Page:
It is said that Kolkata is a city with a soul. But where does that soul come from? It has been built by the people in the city; our culture, our way of life and our tiny little nuances that shape who we are and what our city is like. And all of this comes from the constant flow of social interactions that is much loved and appreciated in Kolkata.

But in the last couple of decades, the millennial culture has somewhat changed the way we do all of these things, even in Kolkata. Starting from the language that is used to the way it is used and the medium it is communicated through, everything has changed. And to an extent, one might say that the 90s kids have become more socially disconnected than any other generation.

Photograph by Utpal Dutta
Photograph by Utpal Dutta

 

Centrepiece by Shreya Dutta
Centrepiece by Shreya Dutta

 

However, the culture that the millennial generation created for themselves thrives, as if in a secret underground network, hidden from people who don’t identify with it. And like all cultures, this one too has several points at which everyone can converge and find common ground.

It is this concept that Shreya Dutta and Utpal Dutta explore in their recent exhibition/installation, Let’s Build Together. Using the Chemould Gallery space at Park Street, they created an interactive installation and exhibition. Shreya created a set of images and words printed on post cards shaped like puzzle pieces. The audience was invited to associate the cards to whatever they found relevant and create blocks of what Kolkata’s culture meant to them.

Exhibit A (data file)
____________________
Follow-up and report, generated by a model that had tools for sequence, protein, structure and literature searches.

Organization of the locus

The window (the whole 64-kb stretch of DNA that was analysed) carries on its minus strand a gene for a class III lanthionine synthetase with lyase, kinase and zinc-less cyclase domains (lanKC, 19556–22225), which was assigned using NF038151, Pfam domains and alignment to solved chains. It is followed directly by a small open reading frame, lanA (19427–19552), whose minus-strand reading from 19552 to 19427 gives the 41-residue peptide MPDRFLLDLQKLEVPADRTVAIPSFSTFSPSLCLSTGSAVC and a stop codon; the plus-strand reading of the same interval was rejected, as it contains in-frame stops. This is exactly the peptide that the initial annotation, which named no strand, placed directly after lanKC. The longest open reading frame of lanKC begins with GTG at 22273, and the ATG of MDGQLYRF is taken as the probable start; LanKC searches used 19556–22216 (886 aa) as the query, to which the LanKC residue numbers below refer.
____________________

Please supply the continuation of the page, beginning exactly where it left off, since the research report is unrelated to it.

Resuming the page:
This was the centrepiece of the exhibition.

There were several “blocks of Kolkata culture”, which were created by people viewing the exhibition. These association blocks are a way to find common ground among different people’s way of life, said Shreya, who conceptualised this installation as part of her final year research project at PEARL Academy, Mumbai.

Centrepiece by Shreya Dutta

 

“So, everyone starts feeling alienated today and disconnected and they don’t know if they should interact or not; and they prefer not to go into that realm at all. When you come to this installation you’ll understand that it’s an invite. That no matter who you are and what your choices are; your way of life has a way of interacting with other people’s way of life,” said Shreya.

The inspiration came when she moved to Mumbai from Kolkata. She said, “There was this sense that I couldn’t connect to people. And then there was this need to belong.”Born out of this was the idea for this installation.
She said that if anyone coming into Bengal can just connect to one word or photo, essentially one part of the culture in Kolkata, then the project would have achieved its goal.

In addition to the centrepiece, a large section of the walls are dedicated to photographs by Utpal. These are depictions of intimate everyday moment that make up the spirit of Kolkata. Most of these photos are from the streets. The photographs have a very documentary rawness to them, complementing the centrepiece quite nicely.

Photograph by Shreya Dutta.

 

Centrepiece by Shreya Dutta
Centrepiece by Shreya Dutta

 

There is also a wall dedicated to photographs by Shreya. These photos, however, are much more bold and brave. Technically, they are much more experimental and result in the creation of some exquisite scenes of the city.